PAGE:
Brown physicist discovers odd, fluctuating magnetic waves

Brown physicist discovers odd, fluctuating magnetic waves
Brown University physicist Vesna Mitrovic and colleagues have discovered magnetic waves that fluctuate when exposed to certain conditions in a superconducting material. The find may help scientists understand more fully the relationship between magnetism and superconductivity. Credit: Lauren Brennan, Brown University

At the quantum level, the forces of magnetism and superconductivity exist in an uneasy relationship. Superconducting materials repel a magnetic field, so to create a superconducting current, the magnetic forces must be strong enough to overcome the natural repulsion and penetrate the body of the superconductor. But there's a limit: Apply too much magnetic force, and the superconductor's capability is destroyed.

This relationship is pretty well known. But why it is so remains mysterious. Now physicists at Brown University have documented for the first time a quantum-level phenomenon that occurs to subjected to magnetism in a superconducting material. In a paper published in , Vesna Mitrovic, joined by other researchers at Brown and in France, report that at under certain conditions, electrons in a superconducting material form odd, fluctuating magnetic waves. Apply a little more magnetic force, and those fluctuations cease: The electronic magnets form repeated wave-like patterns promoted by superconductivity.

The discovery may help scientists understand more fully the relationship between magnetism and superconductivity at the quantum level. The insight also may help advance research into superconducting magnets, which are used in (MRI) and a host of other applications. "If you don't understand [what is happening at] the quantum [level], how can you design a more powerful magnet?" asked Mitrovic, assistant professor of physics.

When a is applied to a superconducting material, vortices measured in nanometers pop up. These vortices, like super-miniature tornadoes, are areas where the magnetic field has overpowered the superconducting field state, essentially suppressing it. Crank up the magnetic field and more vortices appear. At some point, the vortices are so widespread the material loses its superconducting ability altogether.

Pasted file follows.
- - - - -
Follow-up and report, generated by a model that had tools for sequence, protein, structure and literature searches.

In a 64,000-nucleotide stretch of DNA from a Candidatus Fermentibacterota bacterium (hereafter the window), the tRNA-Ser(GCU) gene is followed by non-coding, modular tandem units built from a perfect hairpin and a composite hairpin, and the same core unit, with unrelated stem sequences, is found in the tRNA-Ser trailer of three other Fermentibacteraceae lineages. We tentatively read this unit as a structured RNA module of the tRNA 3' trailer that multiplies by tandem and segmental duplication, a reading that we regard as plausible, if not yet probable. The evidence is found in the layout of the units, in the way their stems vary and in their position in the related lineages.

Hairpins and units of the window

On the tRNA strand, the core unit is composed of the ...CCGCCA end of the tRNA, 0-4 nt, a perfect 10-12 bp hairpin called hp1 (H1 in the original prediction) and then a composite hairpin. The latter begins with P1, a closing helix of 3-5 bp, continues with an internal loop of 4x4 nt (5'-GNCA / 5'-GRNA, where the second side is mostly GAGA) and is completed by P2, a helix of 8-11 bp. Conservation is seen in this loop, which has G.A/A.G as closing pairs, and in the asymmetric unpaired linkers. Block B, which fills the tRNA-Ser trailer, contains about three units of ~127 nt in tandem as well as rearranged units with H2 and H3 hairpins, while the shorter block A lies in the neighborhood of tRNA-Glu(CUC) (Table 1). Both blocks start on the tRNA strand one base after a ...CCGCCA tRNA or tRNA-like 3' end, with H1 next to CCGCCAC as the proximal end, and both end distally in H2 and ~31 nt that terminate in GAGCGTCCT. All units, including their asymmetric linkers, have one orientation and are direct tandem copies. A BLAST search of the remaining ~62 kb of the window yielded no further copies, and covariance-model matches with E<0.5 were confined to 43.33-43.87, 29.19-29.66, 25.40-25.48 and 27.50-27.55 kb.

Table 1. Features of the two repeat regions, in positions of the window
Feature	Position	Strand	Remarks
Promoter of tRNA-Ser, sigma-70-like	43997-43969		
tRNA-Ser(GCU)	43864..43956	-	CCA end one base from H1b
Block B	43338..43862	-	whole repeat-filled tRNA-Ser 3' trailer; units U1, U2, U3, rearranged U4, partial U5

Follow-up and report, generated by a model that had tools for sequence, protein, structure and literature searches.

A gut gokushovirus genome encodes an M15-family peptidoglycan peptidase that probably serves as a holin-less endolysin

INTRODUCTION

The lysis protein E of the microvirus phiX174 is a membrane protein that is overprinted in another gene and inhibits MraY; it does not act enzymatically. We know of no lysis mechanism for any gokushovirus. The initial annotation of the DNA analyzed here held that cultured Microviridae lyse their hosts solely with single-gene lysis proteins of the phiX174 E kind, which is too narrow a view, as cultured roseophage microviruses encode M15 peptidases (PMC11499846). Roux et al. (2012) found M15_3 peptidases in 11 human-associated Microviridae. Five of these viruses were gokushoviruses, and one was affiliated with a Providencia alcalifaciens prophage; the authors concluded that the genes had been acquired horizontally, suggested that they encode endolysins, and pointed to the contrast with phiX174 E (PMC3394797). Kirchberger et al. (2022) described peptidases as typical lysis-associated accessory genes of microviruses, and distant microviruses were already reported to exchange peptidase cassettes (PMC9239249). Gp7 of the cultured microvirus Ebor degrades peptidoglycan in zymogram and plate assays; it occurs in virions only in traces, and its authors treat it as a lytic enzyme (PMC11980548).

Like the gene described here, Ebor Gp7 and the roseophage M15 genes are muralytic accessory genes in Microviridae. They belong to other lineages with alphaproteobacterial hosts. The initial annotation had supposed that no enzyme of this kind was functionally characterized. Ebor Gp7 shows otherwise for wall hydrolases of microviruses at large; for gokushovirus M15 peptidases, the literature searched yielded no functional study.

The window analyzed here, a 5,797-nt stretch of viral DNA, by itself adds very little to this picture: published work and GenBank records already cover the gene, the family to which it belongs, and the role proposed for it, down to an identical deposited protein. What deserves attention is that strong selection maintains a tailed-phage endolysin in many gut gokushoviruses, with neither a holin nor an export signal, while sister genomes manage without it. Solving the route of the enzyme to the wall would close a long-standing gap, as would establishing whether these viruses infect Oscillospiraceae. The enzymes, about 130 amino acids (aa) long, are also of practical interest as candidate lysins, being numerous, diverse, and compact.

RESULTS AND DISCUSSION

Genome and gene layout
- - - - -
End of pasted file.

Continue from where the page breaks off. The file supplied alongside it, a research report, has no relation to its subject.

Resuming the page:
At an even more basic level, sets of electrons called Cooper pairs (named for Brown physicist Leon Cooper, who shared a Nobel Prize for the discovery) form superconductivity. But scientists believe there also are other electrons that are magnetically oriented and spin on their own axes like little globes; these electrons are tilted at various angles on their imaginary axes and move in a repeating, linear pattern that resembles waves, Mitrovic and her colleagues have observed.

"These funny waves most likely appear because of superconductivity, but the reason why is still unsettled," Mitrovic said.

Adding to the mystery, Mitrovic and fellow researchers, including Brown graduate student Georgios Koutroulakis and former Brown postdoctoral associate Michael Stewart, saw that the waves fluctuated under certain conditions. After nearly three years of experiments at Brown and at the national magnetic field laboratory in Grenoble, France, Mitrovic's team was able to produce the odd waves consistently when testing a superconducting material — cerium-cobalt-indium5 (CeCoIn5) — at temperatures close to absolute zero and at about 10 Tesla of .

The waves appeared to be sliding, Mitrovic said. "It's as if people are yanking on the wave," she added. Mitrovic and her colleagues also observed that when more magnetic energy is added, the fluctuations disappear and the waves resume their repeating, linear patterns.

The researchers next want to understand why these fluctuations occur and whether they crop up in other superconducting material.

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User comments

Feb 23, 2010
Possibly evidence of a frequency-phase interaction?

Feb 23, 2010
.why it is so remains mysterious..
It's not quite mysterious, even in context of classical BCS theory of superconductivity. It's well known, parallel wires loaded by electric current are repelling mutually by Lorentz force of magnetic field - the same force applies to electron pairs in superconductors and separates them mutually, thus running down the superconductivity effect. In Type II high temperature superconductors collective effect of many electrons is relevant, so that some fluid turbulence phenomena connected with magnetic waves could occur here. Electron vortices are behaving there like metaparticles of fluid.

Feb 23, 2010
These vortices can be visualized by Lorentz microscopy in thin layers of superconductor, so we can observe the flow of vortices, their mutual annihilation and so on... And because they repel mutually and they're elastic - so they could form a waves at large scales, too...


Feb 24, 2010
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Feb 24, 2010
It appears that Brownian motion is merely sub-harmonized wave behaviour originating at the quantum scale, where these vortices originate. Reality is skewed, which is why not all of the color change combinations that are possible in quantum chromo dynamics are realized. That is why we exist.

Feb 27, 2010
Perhaps it has something to do with interesting new measurements found by the ESA researchers in testing for Gravitomagnetic Fields?

Feb 28, 2010
First of all, they were no "ESA researchers".
Second, Dr. Martin Tajmar is working for a private Austrian company which had an ESA contract of undisclosed nature. Their "results, obtained in the framework of an ESA contract" are by no means ESA results.
Third, there was a discussion in the PhysicsForum: http://www.physic...t=115593

My personal feeling: measurement error.

I certainly I appreciate your penchant for accuracy and your feelings as well.

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